Mexico’s 100-year bonds are on the verge of losing all their gains over the past two years as speculation the Federal Reserve will curb stimulus overshadows the nation’s biggest economic reforms in almost two decades.
Argentina’s attempts to repair its standing internationally show the nation wants to tap overseas bond markets for the first time since a $95 billion default in 2001, according to former central bank governor Mario Blejer.
Vale SA’s perceived creditworthiness versus its competitors is sinking to the lowest since the financial crisis as swaps traders treat the mining company’s debt as junk on Brazil’s deteriorating finances.
During the depths of the financial crisis, Brazil began providing the nation’s most heavily discounted loans through state banks. Now, the program is being extended, deepening skepticism among bond investors the country has the wherewithal to rein in subsidized credit to avoid a downgrade.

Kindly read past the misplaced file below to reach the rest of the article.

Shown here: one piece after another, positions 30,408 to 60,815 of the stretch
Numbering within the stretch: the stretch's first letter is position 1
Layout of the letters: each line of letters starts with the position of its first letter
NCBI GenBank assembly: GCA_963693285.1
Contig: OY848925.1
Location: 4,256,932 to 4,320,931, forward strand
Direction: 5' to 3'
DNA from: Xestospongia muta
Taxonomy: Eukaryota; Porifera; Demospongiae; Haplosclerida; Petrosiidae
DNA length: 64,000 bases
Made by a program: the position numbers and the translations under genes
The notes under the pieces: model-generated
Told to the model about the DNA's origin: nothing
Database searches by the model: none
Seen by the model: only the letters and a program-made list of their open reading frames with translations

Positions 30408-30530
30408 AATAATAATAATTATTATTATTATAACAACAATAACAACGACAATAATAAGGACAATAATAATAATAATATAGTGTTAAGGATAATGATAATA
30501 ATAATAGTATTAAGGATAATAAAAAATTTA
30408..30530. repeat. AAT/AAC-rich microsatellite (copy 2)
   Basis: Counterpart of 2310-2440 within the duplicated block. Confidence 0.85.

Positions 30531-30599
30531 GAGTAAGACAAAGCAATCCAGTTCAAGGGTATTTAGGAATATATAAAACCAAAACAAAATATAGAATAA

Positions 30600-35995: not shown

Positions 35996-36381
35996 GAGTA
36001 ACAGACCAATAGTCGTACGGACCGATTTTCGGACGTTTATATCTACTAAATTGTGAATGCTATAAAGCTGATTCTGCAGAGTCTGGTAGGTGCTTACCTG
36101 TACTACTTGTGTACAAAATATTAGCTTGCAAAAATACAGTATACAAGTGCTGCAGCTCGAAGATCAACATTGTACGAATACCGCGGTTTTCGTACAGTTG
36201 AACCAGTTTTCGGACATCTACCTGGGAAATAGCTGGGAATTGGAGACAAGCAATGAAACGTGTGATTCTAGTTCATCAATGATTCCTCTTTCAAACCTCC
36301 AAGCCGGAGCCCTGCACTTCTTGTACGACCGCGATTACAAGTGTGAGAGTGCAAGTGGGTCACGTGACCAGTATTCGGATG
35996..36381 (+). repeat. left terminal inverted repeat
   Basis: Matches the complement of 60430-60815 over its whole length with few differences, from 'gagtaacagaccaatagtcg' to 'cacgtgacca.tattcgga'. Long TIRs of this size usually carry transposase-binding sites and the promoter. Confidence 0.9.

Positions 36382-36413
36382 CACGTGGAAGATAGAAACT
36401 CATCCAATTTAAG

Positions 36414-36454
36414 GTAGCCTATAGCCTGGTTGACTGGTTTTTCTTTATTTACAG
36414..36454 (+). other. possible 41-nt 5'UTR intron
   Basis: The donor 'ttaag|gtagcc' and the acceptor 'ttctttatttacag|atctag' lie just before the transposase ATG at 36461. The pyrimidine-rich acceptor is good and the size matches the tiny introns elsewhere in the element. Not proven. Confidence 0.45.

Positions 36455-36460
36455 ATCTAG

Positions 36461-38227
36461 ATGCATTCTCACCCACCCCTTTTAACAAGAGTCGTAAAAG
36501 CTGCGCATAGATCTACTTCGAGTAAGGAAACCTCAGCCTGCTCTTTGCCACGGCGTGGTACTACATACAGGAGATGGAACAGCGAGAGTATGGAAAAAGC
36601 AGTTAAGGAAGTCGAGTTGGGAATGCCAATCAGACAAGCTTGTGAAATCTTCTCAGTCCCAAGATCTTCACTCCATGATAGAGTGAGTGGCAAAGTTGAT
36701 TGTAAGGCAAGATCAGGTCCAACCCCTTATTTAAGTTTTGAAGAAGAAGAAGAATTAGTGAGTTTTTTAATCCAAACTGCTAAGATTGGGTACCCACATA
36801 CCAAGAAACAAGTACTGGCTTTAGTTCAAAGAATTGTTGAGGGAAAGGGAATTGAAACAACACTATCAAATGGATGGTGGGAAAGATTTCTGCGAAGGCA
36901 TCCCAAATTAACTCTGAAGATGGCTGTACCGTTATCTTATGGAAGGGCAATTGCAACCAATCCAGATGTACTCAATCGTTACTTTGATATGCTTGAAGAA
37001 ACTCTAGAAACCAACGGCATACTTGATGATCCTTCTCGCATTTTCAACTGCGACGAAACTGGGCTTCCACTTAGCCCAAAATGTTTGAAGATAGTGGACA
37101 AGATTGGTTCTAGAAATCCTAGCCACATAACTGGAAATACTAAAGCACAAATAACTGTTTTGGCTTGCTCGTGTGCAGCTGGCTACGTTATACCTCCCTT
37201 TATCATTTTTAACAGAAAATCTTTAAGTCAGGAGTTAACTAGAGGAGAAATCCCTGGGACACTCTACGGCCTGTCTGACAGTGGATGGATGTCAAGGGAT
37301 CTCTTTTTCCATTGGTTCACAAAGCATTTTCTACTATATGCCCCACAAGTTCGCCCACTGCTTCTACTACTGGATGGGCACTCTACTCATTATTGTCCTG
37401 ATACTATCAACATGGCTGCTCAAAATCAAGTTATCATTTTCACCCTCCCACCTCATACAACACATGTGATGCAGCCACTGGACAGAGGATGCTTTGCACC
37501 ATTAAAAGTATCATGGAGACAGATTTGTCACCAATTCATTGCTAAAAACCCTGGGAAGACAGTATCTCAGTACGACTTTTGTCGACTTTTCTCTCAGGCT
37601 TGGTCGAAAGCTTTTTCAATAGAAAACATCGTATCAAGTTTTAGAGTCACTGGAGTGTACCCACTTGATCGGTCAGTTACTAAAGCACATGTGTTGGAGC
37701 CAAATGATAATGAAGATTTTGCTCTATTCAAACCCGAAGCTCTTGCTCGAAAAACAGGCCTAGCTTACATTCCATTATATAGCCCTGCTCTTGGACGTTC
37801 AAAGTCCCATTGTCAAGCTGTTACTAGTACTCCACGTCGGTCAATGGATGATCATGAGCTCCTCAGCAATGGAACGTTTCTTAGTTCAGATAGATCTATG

By exploiting Argentina’s illegal currency market, buyers are extracting 39 percent discounts on luxury imports such as the Porsche 911 Carrera S sports car and creating the biggest foreign auto boom in five years.
Eric Francos, a French doctor on a three-week vacation with his wife and two children, was huddled off to one side of a pedestrian thoroughfare clogged with shoppers in downtown Buenos Aires, taking $100 bills out of his money belt as illegal money-changers beckoned with calls of “dollars, euros, exchange.”